Religion and Science
Religion is a coping mechanism for the harshness of life. It sustains people when reason and evidence can’t and guide them through the unknown into a better place. The fact that many middle and upper class people in wealthy nations have historically lost their interest in religion shows that they no longer need it as a coping mechanism since their quality of life has increased.
Religion, at its core, is a framework for how to live and make decisions. The customs, traditions and institutions associated with any given religion should not be mistaken for the core ideas of the religion. The fact that Catholic priests molest children is not necessarily a strike against the ideas that Catholicism puts forward (although it might be). It’s important here to separate the core ideas and its associated acts.
Having faith and believing in God do not mean that you believe in the literal existence of your chosen deity. The essence of faith is that you act in way that presupposes the existence of your deity, which entails following the framework laid out by your religion. The deity you choose is secondary to the positive effects that result when people adhere to the religious framework, which is why it’s stupid to fight over whose God is the one true God. If you’re doing that, you’re missing the point.
If some God actually presented themselves one day, there would no longer be any need for faith. Religious institutions would instantly be superseded by the rule of this supernatural being who comes down every Sunday to deliver judgment. In other words, religion would be replaced by supernatural governance since faith is no longer needed. Everyone can see the deity for themselves and everyone can feel the pain of his whip, there’s no need to believe in some abstract framework anymore.
What’s important is not believing that your deity (or deities) of choice literally exist. (If it helps you adhere to the straight and narrow path, then by all means, believe.) What’s really important is believing that you believe in the religion’s framework, or more specifically that following the core tenets of this framework in action and speech will lead you to a better place. This takes faith because the framework is so abstract, the commitment is demanding, the time line is long, and the feedback you get is scarce and inconclusive. It’s much easier to do away with this altogether and just live day-to-day with what you can see.
It helps if you believe in the literal existence of heaven and hell, God and the Devil because it raises the stakes and makes it that much easier to follow the core tenets of your religion (in this case, Christianity). But if you don’t, it would disingenuous to try and make yourself believe. If you don’t believe, it doesn’t matter, since you can be functionally religious. Someone who is functionally religious acts in way that is consistent with the religious framework in question but doesn’t believe in the literal existence of the deities involved. They are functionally identical to someone who does believe in these deities, minus some activities like going to church or stuff like that. Functionally religious people aren’t posers — in a way, they are the opposite, since they capture the true essence of their religion and leave off the decorative parts. Religious people believe in God and functionally religious people believe in the framework.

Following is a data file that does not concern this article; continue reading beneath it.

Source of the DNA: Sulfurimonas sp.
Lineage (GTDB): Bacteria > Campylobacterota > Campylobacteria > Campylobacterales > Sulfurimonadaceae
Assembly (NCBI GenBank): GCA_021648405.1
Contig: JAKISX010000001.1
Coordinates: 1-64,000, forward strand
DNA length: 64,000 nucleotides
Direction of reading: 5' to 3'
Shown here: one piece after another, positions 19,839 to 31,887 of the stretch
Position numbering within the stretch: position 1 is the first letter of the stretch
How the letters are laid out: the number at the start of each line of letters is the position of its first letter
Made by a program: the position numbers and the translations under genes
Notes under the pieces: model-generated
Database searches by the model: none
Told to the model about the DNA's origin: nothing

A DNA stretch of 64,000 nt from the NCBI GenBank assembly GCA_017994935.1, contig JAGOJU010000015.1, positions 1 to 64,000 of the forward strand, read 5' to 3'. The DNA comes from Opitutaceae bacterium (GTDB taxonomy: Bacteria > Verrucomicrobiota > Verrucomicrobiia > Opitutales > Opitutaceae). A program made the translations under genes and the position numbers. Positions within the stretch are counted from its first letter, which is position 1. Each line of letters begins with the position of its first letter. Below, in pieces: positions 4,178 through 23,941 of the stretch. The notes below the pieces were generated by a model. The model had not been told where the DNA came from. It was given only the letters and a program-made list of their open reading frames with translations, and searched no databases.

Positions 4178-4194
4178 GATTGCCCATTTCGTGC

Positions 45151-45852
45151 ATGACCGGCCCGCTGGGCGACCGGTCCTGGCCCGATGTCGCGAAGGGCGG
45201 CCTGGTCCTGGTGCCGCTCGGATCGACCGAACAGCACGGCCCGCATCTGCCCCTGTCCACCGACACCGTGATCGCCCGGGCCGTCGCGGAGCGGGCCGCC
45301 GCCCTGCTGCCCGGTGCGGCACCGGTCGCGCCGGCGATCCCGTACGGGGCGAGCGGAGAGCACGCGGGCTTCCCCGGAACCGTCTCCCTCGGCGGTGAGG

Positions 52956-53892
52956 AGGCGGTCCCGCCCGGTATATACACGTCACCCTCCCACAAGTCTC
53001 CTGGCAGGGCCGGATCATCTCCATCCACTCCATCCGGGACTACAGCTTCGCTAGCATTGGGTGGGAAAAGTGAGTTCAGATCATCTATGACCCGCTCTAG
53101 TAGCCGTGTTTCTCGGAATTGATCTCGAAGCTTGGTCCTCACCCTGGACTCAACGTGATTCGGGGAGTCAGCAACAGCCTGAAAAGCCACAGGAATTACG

Science is an empirical knowledge-building activity that’s done collectively. It seeks truth and provides solutions to problems. Science is of no use when confronted with the very personal realities of suffering and mortality. This is the realm of religion since these problems are unsolvable, and so the best you can do is cope.
Science and religion clash when they step into each other’s realms, in other words, when religion is used to solve problems and science is used to cope with life (usually by explaining things or solving problems).
Atheists like to nitpick the creation story and other “factual” inaccuracies in religious texts saying that there is no value in the rest of the manuscript if these certain facts were incorrect. But in doing so they simultaneously miss the purpose of religious texts and the fact that they speak in metaphor and should not be taken as literal historical reports.
Proponents of religion often make the same mistake of interpreting their texts too literally, which leads them to adopt stances that make no sense from a scientific standpoint (e.g. anti-vax).
This is all to say that there is no reason that someone cannot practice science and religion simultaneously. They are not mutually exclusive; in fact, they in no way conflict with each other.
And then there are consciousness-focused “religions”, the most notable of which is Buddhism. I don’t know much about Buddhism, but it seems to me like you can practice science, Buddhism, and an Abrahamic religion all at once, which is my way of saying that they don’t step on each other’s toes.